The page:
The third and final round of selections for Promise Zone Communities was announced earlier this summer, and two tribes are among the nine additions.  The Spokane Tribe of Washington and the Turtle Mountain Band of Chippewa Indians in North Dakota join the Pine Ridge Indian Reservation of the Oglala Sioux Tribe in South Dakota (second-round admits), and the Choctaw Nation of Oklahoma (first-round admits) as “Promise Zone” communities.

The Promise Zone’s tag-line reads “a child’s zip code should never determine her destiny.”  The effects of being raised in an impoverished community historically correlates to the child’s odds of graduating high school, her health outcomes, and her lifetime economic opportunities.  Many tribal areas have seen the devastating effects of poverty, and have suffer from a lack of housing, jobs, health services, and educational opportunities.  However, with the help of the Promise Zone program, hope has returned to some of these communities.

Moreover, the program works.  The Choctaw Nation of Oklahoma is one of the oldest tribal communities in the US, and has seen some areas of its reservation at a poverty rate of nearly 52%. After receiving the Promise Zone designation, the tribe has received close to $100 million in federal investments that have funded new affordable housing, a health clinic, child development programs, a community center, and rural development projects that have provided some citizens with access to potable water for the first time.  Additionally, the Choctaw Nation has secured $21 million in New Markets Tax Credits to build an environmentally sustainable steel manufacturing facility, which will support approximately 300 new jobs in the region.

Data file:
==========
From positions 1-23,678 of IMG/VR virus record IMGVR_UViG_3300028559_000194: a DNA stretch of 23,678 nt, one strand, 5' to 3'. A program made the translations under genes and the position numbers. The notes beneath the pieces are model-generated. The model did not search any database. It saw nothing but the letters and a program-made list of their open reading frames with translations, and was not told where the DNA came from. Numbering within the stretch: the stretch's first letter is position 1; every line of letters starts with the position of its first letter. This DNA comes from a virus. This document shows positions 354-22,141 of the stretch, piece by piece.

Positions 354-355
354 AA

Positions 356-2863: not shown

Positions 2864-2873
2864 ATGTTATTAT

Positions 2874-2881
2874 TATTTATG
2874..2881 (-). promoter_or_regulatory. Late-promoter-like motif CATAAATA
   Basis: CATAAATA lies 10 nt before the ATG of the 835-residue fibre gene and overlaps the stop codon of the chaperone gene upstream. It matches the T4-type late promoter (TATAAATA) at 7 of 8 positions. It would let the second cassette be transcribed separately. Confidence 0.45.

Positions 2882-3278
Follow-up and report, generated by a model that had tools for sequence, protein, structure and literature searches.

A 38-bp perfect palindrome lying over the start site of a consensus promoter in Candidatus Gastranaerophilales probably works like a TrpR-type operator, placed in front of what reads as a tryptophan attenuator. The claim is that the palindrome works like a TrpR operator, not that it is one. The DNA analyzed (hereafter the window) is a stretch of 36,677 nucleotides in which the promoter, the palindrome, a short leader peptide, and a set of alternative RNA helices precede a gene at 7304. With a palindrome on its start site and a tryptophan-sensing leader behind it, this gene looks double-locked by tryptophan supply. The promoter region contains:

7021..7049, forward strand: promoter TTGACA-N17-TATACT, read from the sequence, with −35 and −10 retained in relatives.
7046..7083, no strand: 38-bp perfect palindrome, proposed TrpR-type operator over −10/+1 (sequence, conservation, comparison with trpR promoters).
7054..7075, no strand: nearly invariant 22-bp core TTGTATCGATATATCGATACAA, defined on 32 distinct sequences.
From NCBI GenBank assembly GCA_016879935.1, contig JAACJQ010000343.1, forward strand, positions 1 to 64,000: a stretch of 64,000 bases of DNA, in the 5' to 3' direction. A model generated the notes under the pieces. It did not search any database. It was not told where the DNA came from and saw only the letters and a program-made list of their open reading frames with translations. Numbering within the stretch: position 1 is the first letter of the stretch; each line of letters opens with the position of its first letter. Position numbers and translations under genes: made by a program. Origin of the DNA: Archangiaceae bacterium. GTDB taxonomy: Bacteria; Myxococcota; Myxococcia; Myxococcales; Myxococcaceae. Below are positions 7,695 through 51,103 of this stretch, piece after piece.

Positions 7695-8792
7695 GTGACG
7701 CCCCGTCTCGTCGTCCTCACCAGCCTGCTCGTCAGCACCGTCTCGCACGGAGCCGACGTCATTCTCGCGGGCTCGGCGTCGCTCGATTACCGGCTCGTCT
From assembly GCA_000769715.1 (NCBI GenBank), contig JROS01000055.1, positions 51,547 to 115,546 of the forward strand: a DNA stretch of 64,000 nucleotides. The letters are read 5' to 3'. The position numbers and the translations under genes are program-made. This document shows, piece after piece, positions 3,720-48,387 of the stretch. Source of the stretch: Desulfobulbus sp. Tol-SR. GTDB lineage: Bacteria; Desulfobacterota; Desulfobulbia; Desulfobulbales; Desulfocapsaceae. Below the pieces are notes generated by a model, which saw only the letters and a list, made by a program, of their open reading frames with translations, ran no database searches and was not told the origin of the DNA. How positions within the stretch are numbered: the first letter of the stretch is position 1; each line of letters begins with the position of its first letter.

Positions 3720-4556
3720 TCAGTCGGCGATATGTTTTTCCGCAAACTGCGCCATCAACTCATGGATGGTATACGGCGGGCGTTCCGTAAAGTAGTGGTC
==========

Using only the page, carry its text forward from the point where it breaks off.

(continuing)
Pine Ridge Indian Reservation of the Oglala Sioux Tribe once faced poverty rates higher than 49% of their population, and has seen similar economic advances as the Choctaw Nation since being designated a Promise Zone.  The reservation has expanded access to high-speed internet, built water and sewage infrastructure within the community, and supported an after school meal program through the USDA Child and Adult Care Food Program.